In major changes liberalising foreign direct investment in key sectors, the Union govt approved 100 per cent foreign investment in single brand retail trading (SBRT) and construction development and decided to open up Air India for FDI up to 49 per cent. Besides, the government also decided that foreign institution investors and portfolio investors be allowed to invest in power exchanges through primary market and amended the definition of “medical devices” in its FDI policy.
The decisions, taken at a meeting of the Union Cabinet chaired by Prime Minister Narendra Modi, were intended to liberalise and simplify the FDI policy to provide ease of doing business. The present FDI policy on single brand retail trading allows 49 per cent FDI under automatic route and FDI beyond 49 per cent and up to 100 per cent through government approval route. “It has now been decided to permit 100 per cent FDI under automatic route. It has been decided to permit single brand retail trading entity to set off its incremental sourcing of goods from India for global operations during initial five years, beginning April 1 of the year of the opening of first store against the mandatory sourcing requirement of 30 per cent of purchases from India,” the statement said.
For this purpose, it said, incremental sourcing would mean the increase in terms of value of such global sourcing from India for that single brand (in Indian rupee terms) in a particular financial year over the preceding financial year, by the non-resident entities undertaking single brand retail trading entity, either directly or through their group companies. After completion of five-year period, the SBRT entity shall be required to meet the 30 per cent sourcing norms directly towards its India’s operation, on an annual basis.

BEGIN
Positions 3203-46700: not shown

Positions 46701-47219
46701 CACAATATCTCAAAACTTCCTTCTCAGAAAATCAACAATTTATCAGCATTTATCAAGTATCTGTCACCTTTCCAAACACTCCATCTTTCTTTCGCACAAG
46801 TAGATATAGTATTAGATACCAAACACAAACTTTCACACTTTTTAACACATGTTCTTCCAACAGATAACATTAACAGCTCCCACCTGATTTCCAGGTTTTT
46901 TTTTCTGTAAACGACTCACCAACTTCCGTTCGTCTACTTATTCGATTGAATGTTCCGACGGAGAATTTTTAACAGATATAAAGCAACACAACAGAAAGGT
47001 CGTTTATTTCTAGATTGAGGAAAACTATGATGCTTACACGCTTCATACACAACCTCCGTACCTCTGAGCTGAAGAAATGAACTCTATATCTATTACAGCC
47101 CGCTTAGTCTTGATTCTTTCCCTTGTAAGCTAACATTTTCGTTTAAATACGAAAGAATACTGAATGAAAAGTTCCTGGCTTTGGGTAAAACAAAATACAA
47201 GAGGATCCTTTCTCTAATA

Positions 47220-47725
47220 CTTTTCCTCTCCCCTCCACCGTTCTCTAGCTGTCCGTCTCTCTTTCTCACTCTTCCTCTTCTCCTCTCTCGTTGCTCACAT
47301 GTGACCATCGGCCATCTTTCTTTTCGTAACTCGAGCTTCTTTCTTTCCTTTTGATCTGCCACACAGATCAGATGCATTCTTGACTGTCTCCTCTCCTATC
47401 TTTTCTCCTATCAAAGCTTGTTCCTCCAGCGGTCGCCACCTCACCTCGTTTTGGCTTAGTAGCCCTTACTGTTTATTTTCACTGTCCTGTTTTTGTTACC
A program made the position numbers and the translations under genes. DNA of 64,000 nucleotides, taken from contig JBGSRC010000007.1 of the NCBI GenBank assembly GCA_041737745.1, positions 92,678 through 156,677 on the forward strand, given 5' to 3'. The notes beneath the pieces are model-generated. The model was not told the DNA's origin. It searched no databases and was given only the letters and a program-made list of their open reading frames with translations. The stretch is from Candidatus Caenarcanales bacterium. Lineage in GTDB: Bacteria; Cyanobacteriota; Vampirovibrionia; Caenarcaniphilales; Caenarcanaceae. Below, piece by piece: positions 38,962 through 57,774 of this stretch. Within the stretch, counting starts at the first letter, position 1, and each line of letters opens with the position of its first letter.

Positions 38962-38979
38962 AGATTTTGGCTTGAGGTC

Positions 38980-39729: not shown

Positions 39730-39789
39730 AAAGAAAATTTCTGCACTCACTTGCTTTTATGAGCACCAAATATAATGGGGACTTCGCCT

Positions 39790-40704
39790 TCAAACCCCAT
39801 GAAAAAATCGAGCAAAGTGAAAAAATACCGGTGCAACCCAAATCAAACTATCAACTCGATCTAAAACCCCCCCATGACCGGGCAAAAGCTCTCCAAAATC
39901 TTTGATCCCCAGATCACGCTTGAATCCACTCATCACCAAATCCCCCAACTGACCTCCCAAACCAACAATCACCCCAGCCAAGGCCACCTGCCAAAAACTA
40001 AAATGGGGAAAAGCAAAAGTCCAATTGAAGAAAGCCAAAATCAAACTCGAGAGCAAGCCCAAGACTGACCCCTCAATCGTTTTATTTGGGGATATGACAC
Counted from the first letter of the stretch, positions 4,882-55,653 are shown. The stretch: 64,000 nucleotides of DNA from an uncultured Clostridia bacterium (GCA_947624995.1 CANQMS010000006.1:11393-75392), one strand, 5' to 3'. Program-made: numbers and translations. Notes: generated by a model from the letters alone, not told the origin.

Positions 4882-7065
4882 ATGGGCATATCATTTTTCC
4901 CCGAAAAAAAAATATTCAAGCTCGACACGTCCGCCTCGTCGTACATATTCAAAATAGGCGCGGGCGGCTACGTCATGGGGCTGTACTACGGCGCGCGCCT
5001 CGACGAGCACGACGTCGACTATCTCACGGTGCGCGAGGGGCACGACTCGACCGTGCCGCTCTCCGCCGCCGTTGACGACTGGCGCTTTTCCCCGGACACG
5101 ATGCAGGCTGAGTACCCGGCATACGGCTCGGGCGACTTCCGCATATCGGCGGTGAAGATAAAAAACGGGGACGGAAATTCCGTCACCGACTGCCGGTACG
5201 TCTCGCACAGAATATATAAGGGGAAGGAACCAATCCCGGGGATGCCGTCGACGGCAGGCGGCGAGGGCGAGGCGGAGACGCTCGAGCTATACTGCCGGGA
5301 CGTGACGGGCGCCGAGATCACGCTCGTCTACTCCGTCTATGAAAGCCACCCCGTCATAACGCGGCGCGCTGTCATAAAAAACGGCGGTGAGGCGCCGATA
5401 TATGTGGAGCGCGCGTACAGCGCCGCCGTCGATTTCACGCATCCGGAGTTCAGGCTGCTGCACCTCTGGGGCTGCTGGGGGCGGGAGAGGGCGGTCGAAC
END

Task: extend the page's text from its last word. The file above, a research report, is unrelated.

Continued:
The Cabinet also decided to allow 100 per cent FDI in construction development relating to building townships, housing, infrastructure and real estate broking services. Under the present policy, foreign airlines are allowed to invest under government approval route in the capital of Indian companies operating scheduled and non-scheduled air transport services, up to the limit of 49 per cent of their paid-up capital. However, this was not applicable to Air India, thereby implying that foreign airlines could not invest in the national carrier owned fully by the government.
Making changes in the sector relating to power exchanges, the government removed the restrictions on investment by foreign institute investors and portfolio investors to invest in power exchanges through primary market as well. Under the present policy, FII and FPI purchases were restricted to secondary market only.
In the pharma sector, the Cabinet decided to amend the definition of medical devices in the FDI policy. “At present, the FDI policy in the pharma sector inter-alia provides that definition of medical device as contained in the FDI Policy would be subject to amendment in the Drugs and Cosmetics Act. As the definition as contained in the policy is complete in itself, it has been decided to drop the reference to Drugs and Cosmetics Act from FDI policy.”
The Cabinet also decided to make changes relating to competent authority for examining FDI proposals from countries of concern. As per the existing procedures, FDI applications involving investments from countries of concern requiring security clearance are to be processed by the Home Ministry for investments falling under automatic route sectors and activities. “Investments in automatic route sectors, requiring approval only on the matter of investment being from country of concern, FDI applications would be processed by Department of Industrial Policy and Promotion for government approval. Cases under the government approval route, also requiring security clearance with respect to countries of concern, will continue to be processed by concerned administrative department or ministry.”